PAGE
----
Podcasts and Videos

This Vast Earth: Ibn Arabi’s Ecology of Consciousness

USA Ibn Arabi Society Symposium 2017

Hany Ibrahim

Hany Ibrahim is a PhD candidate and a teaching assistant at the University of Calgary. His teaching and research interests include Quranic exegesis, hadith, Sufism, Islamic art and architecture. His academic research is on Ibn Arabi and the metaphysics of love in The Meccan Openings. He obtained an M.A. in religious studies from the University of Lethbridge, and an M.Phil. in Islamic architecture from the London South Bank University. This Fall he is teaching a course on Islam at Mount Royal University, and is author of the book Hallaj: In the Ocean of Oneness.

 

Podcasts by Hany Ibrahim

Ibn Arabi’s Metaphysics of Love

Worshipping in Three Dimensions: Emigrating in God’s Vast Earth

Angela Jaffray

Angela Jaffray completed her BA at UC Berkeley in Near Eastern Languages and Civilizations (1989) and her PhD at Harvard University in Medieval Islamic Philosophy (2000). Her dissertation focused on the introductory logical works of al-Farabi. Since finishing her PhD at Harvard, she has focused on the writings of Ibn Arabi, whose work she was introduced to many years ago at Beshara Swyre Farm. She has published a translation and commentary on Ibn Arabi’s The Universal Tree and the Four Birds (published by Anqa Publishing in 2007) and translated Ibn Arabi’s Kitab al-isfar an nataij al-asfar (The Secrets of Voyaging, Anqa Publishing, 2015). Her translations of Garcia Lorca’s “Sonetos del Amor Oscuro” were published in Collected Poems of Federico Garcia Lorca (Farrar Straus Giroux, 2002).

https://anqa.co.uk/publications/author/angela-jaffray [/]

 

Articles by Angela Jaffray

“Watered with One Water” – Ibn Arabi on the One and the Many

Unveiling from the Effects of the Voyages : An Introduction to the Kitâb al-isfâr 'an natâ'ij al-asfâr

 

Podcasts and Videos by Angela Jaffray

Better Living Through Alchemy – Some Secrets of Spiritual Medicine

Worshipping in Three Dimensions: Emigrating in God's Vast Earth

Ibn Arabi on Himmah: The Spiritual Power of the Strong-souled Individual

“Watered with One Water”: Ibn Arabi on the One and the Many

Abu Madyan’s Child, Per Singular Momenta and the Skull Suture: Understanding Ibn Arabi‘s Futuhat

Eric Winkel

At Haverford College (BA), then the University of Pennsylvania (MA), then the University of South Carolina (PhD), Eric Winkel undertook eclectic studies, mostly religion at first, focusing on spiritual matters, then later including political science, and numerous languages to enable study of religious and spiritual texts (Sanskrit, Greek, Coptic, Tamil, Arabic, others, besides French and German). His book “Mysteries of Purity, Ibn al-'Arabî's asrâr al-țahârah” (Notre Dame, 1995) was Chapter 68 of the Futuhat al-Makkiyya. While Senior Research Fellow at the Institute of Advanced Islamic Studies in Malaysia, he explored how the concepts of the “new sciences” opened obscure and difficult passages of the Futuhat.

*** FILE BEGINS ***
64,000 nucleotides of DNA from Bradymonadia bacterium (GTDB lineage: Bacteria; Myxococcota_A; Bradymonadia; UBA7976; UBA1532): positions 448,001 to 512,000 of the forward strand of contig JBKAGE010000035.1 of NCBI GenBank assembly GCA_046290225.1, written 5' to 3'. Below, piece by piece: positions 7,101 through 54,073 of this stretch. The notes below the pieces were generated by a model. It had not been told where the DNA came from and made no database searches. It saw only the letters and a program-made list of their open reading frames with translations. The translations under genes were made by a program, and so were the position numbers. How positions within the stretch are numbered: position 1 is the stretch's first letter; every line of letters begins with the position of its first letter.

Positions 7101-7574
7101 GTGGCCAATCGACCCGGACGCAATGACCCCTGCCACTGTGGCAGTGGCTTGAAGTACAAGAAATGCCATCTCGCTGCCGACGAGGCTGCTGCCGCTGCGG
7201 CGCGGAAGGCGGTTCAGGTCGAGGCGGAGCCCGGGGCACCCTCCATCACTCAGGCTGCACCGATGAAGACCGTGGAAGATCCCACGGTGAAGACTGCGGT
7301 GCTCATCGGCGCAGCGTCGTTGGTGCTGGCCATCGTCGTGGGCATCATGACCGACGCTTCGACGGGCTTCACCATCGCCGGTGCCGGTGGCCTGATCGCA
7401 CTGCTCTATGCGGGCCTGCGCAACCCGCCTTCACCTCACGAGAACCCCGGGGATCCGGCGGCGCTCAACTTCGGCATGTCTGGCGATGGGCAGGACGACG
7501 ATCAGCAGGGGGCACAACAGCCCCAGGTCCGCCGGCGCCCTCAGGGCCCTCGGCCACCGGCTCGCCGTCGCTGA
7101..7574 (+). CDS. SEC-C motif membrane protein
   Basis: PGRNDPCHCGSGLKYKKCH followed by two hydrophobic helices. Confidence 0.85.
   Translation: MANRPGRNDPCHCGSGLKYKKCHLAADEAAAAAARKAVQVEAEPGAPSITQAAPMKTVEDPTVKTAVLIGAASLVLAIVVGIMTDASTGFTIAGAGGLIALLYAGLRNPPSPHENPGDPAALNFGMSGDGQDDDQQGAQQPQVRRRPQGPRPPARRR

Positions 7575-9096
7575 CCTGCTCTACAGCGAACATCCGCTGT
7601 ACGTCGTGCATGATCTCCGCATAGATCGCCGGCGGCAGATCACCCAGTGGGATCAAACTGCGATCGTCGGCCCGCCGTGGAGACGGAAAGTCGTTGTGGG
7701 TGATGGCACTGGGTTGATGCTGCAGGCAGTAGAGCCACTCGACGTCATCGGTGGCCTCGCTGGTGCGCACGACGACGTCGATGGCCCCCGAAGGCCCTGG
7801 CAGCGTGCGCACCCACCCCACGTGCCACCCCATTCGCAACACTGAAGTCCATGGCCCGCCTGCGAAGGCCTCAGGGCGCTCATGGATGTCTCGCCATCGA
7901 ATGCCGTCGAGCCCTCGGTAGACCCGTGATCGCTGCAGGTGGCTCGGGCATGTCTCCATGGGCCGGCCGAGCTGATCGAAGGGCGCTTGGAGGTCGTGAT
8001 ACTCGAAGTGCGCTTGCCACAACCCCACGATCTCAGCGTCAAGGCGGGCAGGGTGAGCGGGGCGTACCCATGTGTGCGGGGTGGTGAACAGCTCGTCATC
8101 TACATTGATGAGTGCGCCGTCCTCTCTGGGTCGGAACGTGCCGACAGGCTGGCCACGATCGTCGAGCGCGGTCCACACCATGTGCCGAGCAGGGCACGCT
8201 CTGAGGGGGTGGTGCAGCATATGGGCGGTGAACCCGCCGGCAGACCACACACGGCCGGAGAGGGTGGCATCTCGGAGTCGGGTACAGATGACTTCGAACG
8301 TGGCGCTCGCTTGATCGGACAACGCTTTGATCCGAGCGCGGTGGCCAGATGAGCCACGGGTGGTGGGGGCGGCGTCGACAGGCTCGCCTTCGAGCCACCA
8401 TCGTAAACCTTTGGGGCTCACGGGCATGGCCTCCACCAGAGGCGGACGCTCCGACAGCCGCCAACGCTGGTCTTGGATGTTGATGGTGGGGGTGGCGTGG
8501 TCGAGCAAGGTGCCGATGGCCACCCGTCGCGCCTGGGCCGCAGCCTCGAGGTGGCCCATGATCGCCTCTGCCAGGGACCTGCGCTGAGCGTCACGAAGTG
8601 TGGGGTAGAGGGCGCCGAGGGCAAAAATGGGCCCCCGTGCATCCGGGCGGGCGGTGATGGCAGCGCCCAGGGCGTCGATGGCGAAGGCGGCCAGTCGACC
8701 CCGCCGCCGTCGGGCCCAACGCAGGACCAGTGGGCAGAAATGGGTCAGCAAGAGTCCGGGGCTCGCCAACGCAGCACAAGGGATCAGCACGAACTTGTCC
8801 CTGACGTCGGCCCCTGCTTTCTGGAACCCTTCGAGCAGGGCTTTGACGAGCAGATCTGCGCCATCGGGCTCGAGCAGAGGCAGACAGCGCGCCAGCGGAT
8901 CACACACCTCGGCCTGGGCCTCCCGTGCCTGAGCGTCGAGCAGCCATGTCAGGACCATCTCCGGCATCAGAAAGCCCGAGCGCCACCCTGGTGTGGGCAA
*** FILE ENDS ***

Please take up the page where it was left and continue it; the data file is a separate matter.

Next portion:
Having studied Ibn Arabi’s Futuhat al-Makkiyya for over twenty-five years, Eric Winkel is now in the midst of an eleven-year project to produce the first complete translation of this work. For more information see links below to The Futūḥāt Project

 

The Futūḥāt Project

About the Project

Futuhat Project News

Quotations from the Futuhat

 

Articles by Eric Winkel

Abu Madyan’s Child, Per Singular Momenta and the Skull Suture: Understanding Ibn Arabi’s Futuhat

Understanding, and Translating, the Futuhat al-Makkiyya

Ibn Arabi’s fiqh: Three Cases from the Futuhat

Time Is Not Real: Time in Ibn Arabi, and from Parmenides (and Heraclitus) to Julian Barbour

 

Podcasts by Eric Winkel

“One understands that a journey entails weariness and difficulty” – Circularity, Duality and Compassion in the Footstool

Abu Madyan’s Child, Per Singular Momenta and the Skull Suture: Understanding Ibn Arabi’s Futuhat

An Atlas of Love

“And among them, may Allah be pleased, are watermen”

Atif Khalil

Atif Khalil is an Associate Professor at the University of Lethbridge’s Department of Religious Studies where he teaches courses on Islamic theology, mysticism, art and world religions. His main area of research lies in Sufi thought, particularly in moral psychology and virtue ethics, with secondary interests in comparative mysticism, inter-religious relations and medieval philosophy. His articles have appeared in Studies in Religion, the Journal of Islam & Christian-Muslim Relations, Sacred Web, the Oxford Journal of Islamic Studies, Philosophy East and West, and The Muslim World. He is the author of Repentance and the Return to God in Early Sufism (SUNY, 2018 and  In Search of the Lost Heart: Explorations in Islamic Thought by W. Chittick (co-editor). In 2016, he was the Ken‘an Rifai Distinguished Professorship of Islamic Studies at the Institute for Advanced Humanistic Studies at Peking University in China.

 

Podcasts by Atif Khalil

Ibn al-Arabi on The Grammar of Gratitude and the Shirk of Shukr

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